Meanwhile, at the collection station, they dig themselves into the stuff you’ve brought.  If you sorted the stuff out at home, it can go straight into processing; after being sorted by color, the bottles are crushed into blocks and sold to the processing companies.  Once these guys get ahold of your bottles (and by now, several other people’s bottles), they grind them up, sort out the bits of labels and plastic lids, and use the resultant material to make things.

But where, we may wonder, are these things they’re making?  We pump tons of recyclable materials into the centers each year, but it’s rather rare to actually see anything in a store that’s made from any post-consumer products.  With that in mind, it’s easy to wonder whether they’re actually making use of this stuff that we’re taking our precious time to deliver to them.

Rest assured, though, these materials are being used – especially if cleaned properly, as mentioned last Friday.  PET flakes – the stuff left over once the wrappers and lids are removed – are frequently used to make plastic fibres (such as found in clothing, pillows or those neat reusable shopping bags), or sometimes made into new bottles.  Other kinds of plastics are made into lumber, construction material, picnic tables or other things.  Glass and paper have their own applications.  Aluminum, possibly the most valuable recyclable resource, can simply be remade into new cans for a huge reduction in carbon output.

On the other hand, if you just throw this stuff in the trash, it is hauled away and dumped into a huge trash pile where it will spend the next few decades slowly decomposing and emitting huge quantities of toxic chemicals.  Your choice.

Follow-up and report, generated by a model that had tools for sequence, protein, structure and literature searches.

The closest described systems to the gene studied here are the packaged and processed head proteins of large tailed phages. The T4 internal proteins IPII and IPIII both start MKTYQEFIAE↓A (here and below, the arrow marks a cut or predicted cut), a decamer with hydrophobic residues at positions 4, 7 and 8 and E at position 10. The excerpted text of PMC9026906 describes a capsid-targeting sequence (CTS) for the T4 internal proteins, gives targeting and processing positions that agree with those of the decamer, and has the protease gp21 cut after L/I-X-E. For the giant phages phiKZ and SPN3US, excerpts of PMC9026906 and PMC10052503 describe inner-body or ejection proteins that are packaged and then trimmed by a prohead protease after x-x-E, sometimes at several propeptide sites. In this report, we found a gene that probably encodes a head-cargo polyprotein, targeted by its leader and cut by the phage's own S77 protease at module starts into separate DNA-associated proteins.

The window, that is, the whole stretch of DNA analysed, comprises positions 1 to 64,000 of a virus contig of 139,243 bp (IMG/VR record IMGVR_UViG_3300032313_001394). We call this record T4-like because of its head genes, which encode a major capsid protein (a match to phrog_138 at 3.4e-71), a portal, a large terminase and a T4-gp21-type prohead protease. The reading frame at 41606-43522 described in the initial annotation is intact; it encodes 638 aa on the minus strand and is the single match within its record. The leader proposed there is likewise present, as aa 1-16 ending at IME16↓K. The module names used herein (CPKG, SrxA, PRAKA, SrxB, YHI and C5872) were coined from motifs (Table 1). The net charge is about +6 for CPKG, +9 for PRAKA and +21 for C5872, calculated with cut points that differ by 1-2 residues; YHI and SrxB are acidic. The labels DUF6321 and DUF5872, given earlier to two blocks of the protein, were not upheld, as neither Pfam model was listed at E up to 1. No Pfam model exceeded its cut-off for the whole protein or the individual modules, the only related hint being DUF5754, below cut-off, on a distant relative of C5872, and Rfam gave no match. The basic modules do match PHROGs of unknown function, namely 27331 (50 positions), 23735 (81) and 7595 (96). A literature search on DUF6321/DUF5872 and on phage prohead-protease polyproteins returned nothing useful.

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Being Green: Identifying Green Packaging.

January 25, 2009

I missed out last Green Friday (and the Friday before that, due to Internet downtime, so I thought I’d fill in today.  Come to think of it, I think I did iLOL’d today, too.  I’m starting to slip on my schedule here.   Let this be a lesson to you folks: Never let Internet downtime get in the way of your blogging, because it seriously borks your schedule.

But on to identifying green packaging.

I’m not just talking about paper packaging, although it’s often greener than plastic alternatives.  Nope, there are certain other qualities to look for in packaging that make them greener.

The first and most obvious one is: Is this package recyclable?  If you’re not sure, examine the label.  It should have a triple-arrow sign (the little triangular one) with the word “recycle” somewhere nearby.  If it’s plastic, it may also include a notation as to what type of plastic it is, but sometimes not.